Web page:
AT around ten past one on the morning of Sunday 24 November 1861, an immense 16th century Edinburgh tenement containing at least 77 inhabitants suddenly gave way and collapsed to the street below.
The tenement collapse and consequent loss of life in November 1861 was nothing short of catastrophic.
From 77 occupants, 35 perished during the collapse or died in hospital from their injuries. Coverage of the event made headlines nationwide, with the Scotsman newspaper of the time describing it as “one of the most calamitous and heartrending occurrences which it has ever been our duty to record”.
The ancient seven-storey building which toppled that fateful night was located in the heart of Edinburgh’s densely-populated Old Town, on the north side of the High Street between Bailie Fyfe’s Close on the west and Paisley Close on the east.
Comprised mostly of timber, the tenement was thought to have been at least 250 years old at the time of the disaster. A façade of sturdy-looking, yet ancient, ashlar stone provided a false sense of security and belied the decayed state of the building’s interior.
Such dilapidation in 19th century Edinburgh was alarmingly common.
Poor living conditions
Living conditions in the Old Town were utterly appalling during the 1800s.
The population of the inner city had more than doubled from 82,560 at the turn of the century to 168,121 by 1861. Up to 15 families would often be crammed into a single tenement of up to 14 storeys high – some in windowless dwellings.
Many buildings had stood without any significant alterations for hundreds of years, and the sanitary conditions were infamously grim and filth-ridden. The threat of diseases such as cholera was huge, as access to clean drinking water was extremely limited.
An account from the Builders Journal of 1861 indicated just how vile certain areas of Edinburgh had become: ‘We devoutly believe that no smell in Europe or Asia can equal in depth and intensity, in concentration and power, the diabolical combination of sulphurated hydrogen we came upon one evening about ten o’clock in a place called Todrick’s Wynd.’ The sights and smells of nearby Bailie Fyfe’s Close, the location of the fateful collapse, would have followed much the same description.
Only hours prior to the collapse, a local shopkeeper had spotted cracks in the plasterwork and a depression in the roofline. A temporary prop was inserted in an attempt to prevent disaster. A case of too little, too late.
A little after one in the morning, two police officers on night duty had just finished attending a minor domestic incident in a close off the High Street when they witnessed an entire ‘land of houses’ fall to the ground in front of them with the most tremendous crash. A thick cloud of dust and debris shot up into the air as each level of the building collided with the street below.
Within minutes, scores of people, rudely awakened from their slumber by the almighty clatter, surrounded the disaster scene attempting to make sense of the catastrophe which had just occurred.
Curdled screams from victims trapped amongst the twisted ruins filled the cold, night air. Rescue workers battled through the night and well into the next day to extract bodies from the rubble. The death toll was exceptionally high - but there were survivors.
Heave awa’ lads
As dawn broke, the foot of a 15-year-old boy named John Geddes (some modern accounts describe the boy as 12-year-old Joseph McIvor) was spotted protruding from the debris. The youngster was wedged between a supporting beam and a mound of rubble, and is reported to have yelled “heave awa’ lads, ah’m no’ deid yet” as the rescue team worked frantically to saw through the beam and remove the debris.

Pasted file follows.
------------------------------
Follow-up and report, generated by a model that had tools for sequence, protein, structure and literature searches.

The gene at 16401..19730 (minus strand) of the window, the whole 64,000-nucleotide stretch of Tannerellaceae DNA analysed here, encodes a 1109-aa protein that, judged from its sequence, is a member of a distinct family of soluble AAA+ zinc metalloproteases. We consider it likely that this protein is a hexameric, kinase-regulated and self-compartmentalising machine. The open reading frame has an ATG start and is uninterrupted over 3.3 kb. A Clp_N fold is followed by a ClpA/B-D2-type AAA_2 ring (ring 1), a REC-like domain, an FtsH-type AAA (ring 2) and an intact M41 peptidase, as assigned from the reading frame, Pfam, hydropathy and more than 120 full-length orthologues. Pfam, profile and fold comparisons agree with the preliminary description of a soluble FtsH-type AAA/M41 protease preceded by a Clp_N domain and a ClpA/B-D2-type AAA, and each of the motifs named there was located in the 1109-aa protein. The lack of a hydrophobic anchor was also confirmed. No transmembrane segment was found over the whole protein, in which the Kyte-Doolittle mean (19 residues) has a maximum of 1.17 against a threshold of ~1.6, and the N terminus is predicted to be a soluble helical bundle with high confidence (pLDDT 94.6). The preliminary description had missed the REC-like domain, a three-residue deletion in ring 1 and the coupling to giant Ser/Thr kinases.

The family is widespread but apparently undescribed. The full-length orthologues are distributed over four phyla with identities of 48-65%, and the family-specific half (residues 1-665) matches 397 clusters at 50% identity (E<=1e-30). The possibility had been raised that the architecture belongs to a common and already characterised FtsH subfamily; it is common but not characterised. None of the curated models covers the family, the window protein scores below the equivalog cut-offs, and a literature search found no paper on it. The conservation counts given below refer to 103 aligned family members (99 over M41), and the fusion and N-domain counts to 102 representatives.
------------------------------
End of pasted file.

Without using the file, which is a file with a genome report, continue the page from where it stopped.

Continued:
A variation of Geddes’ spirited cry was carved into the lintel of the replacement building above Paisley Close, now known as ‘The Heave Awa’ Hoose’.
A chance meeting
One man named George Gunn had been spending an evening with friends in Stockbridge only to return home at exactly the moment of the catastrophe to find his family dead save for his youngest sister.
George was spared due to a chance meeting of an acquaintance outside his house - the brief chat stalling him at just the right time.
A total of seven children aged between 7 and 11 were also rescued without injuries. Children who lost both parents were sent to the City Workhouse.
The search for survivors uncovered a large number of mutilated corpses in the days that followed, with the death toll eventually reaching 35, including many young children and infants.
As a footnote, The Scotsman report of the disaster mentions that “the influx of prisoners to the Police Office, which on Saturday nights and Sunday mornings is generally very great totally ceased, the most of that class of people having evidently repaired to and remained at the scene of the disaster”.
The City Improvement Act of 1867
The appallingly tragic events which took place at Bailie Fyfe’s Close turned out to be the bitter tonic for change which Edinburgh’s authorities needed. Cholera epidemics were killing thousands in the less salubrious areas, and the city centre tenement collapse was the final straw.
Charles Dickens, a frequent visitor to the capital, once stated that he saw more poverty and sickness in the course of an hour’s stroll through the Old Town ‘than people would believe in, in a life’. Dickens was in Edinburgh at the time of the collapse and is said to have been very much in favour of swift action being taken to tackle the city’s dreadful housing and sanitation problems.
The poor victims of the 24th of November 1861 were martyrs for change in Edinburgh. The City Improvement Act was passed by Lord Provost William Chambers in 1867, and towards the close of the 19th century a vast extent of the Old Town’s ramshackle stock of medieval housing had disappeared. John Knox House, dating back to the 1470s, is a rare and notable survivor.